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All-Cash Sales Hover Near One-Third of Transactions

paying-moneyThe mortgage meltdown and its somewhat predictable fallout—tighter regulations that ensure such a crisis cannot recur but choke lending and borrowing at the source—have led to an equally inevitable outcome: a glut in cash sales for homes. A recent report by Redfin shows that in 17 metro markets in the United States, a full third of sales this year have been all-cash deals. And that figure has been essentially flat since 2011.

Moreover, financed purchases are still way down from their 2000 peak, when 800,000 homes were mortgage buys. By 2011, that number plunged to 440,000 and only recovered to 520,000 in 2013.

The all-cash economy kicked off in earnest in 2007 as the national housing market walked off a cliff. It grew steadily through the next few years. Redfin attributes the steadiness of the all-cash phenomenon to tightened lending regulations, but also to the lowered inventory in most areas.

Redfin also cites investor purchases as a reason the all-cash figures have been so steady, though investor purchases have waned this year. Redfin's figures are notably lower than those released by RealtyTrac earlier this month. That firm found that all-cash deals comprised 42 percent of U.S. residential sales so far this year. However, RealtyTrac measured sales in more than 17 metros.

The largest effect of the all-cash deal, of course, is on competition for buyers. Sellers typically prefer cash deals because they come with shorter waits, fewer complications, and a much lower chance that financing will fall through. Most of the competition, according to Redfin, lies outside of the $200,000-to-$600,000 market. This middle range accounts for roughly half of all home sales and is the most active for mortgage financing, as buyers either don't have enough money to buy outright in this range or can afford to buy higher-end properties.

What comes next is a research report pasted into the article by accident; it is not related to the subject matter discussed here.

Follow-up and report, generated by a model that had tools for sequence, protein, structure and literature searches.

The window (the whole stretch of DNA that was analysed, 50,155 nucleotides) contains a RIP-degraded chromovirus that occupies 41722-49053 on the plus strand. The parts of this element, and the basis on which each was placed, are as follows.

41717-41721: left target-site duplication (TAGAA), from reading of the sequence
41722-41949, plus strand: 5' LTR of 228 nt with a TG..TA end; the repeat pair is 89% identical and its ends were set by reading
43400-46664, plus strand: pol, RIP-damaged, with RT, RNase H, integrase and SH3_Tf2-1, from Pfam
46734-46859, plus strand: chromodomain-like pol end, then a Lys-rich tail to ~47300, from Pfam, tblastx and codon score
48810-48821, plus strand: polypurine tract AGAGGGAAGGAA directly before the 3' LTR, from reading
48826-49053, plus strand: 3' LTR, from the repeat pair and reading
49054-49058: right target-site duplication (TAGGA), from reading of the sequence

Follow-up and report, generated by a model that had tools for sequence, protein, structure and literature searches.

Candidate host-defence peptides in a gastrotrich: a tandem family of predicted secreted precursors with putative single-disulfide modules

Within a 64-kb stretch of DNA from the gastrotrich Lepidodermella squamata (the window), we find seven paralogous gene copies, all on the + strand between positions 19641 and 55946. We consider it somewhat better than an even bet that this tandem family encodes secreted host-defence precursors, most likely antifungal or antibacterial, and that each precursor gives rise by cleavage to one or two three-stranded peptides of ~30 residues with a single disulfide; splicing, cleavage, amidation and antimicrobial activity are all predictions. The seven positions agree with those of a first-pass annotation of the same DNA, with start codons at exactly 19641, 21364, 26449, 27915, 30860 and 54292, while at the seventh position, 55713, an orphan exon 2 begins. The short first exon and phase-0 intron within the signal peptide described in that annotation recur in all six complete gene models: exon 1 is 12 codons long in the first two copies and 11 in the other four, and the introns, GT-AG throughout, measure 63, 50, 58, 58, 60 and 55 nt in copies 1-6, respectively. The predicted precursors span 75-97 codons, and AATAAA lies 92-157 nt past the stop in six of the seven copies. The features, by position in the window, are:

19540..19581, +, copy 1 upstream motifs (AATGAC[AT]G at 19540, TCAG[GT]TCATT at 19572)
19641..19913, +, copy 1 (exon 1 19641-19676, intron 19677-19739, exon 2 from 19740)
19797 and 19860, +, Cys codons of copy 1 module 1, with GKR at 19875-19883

Miami leads the metros in Redfin's all-cash-sales capitals, where 64 percent of homes were bought without financing. In the $50,000-to-$100,000 range, 87 percent of homes in Miami were all-cash deals so far this year. Miami's closest competition is Las Vegas, where 80 percent of sales in that same range were all cash. Almost half of Vegas' overall sales so far this year have been cash.

The Beltway has the lowest all-cash numbers so far this year. Baltimore and Washington, D.C., have had, respectively, 21 and 20 percent all-cash deals overall, though Washington saw three-quarters of its $50,000-to-$100,000 purchases made with cash. Denver tied with Baltimore for an overall 21 percent non-financed sales.

About Author: Scott_Morgan

Scott Morgan is a multi-award-winning journalist and editor based out of Texas. During his 11 years as a newspaper journalist, he wrote more than 4,000 published pieces. He's been recognized for his work since 2001, and his creative writing continues to win acclaim from readers and fellow writers alike. He is also a creative writing teacher and the author of several books, from short fiction to written works about writing.

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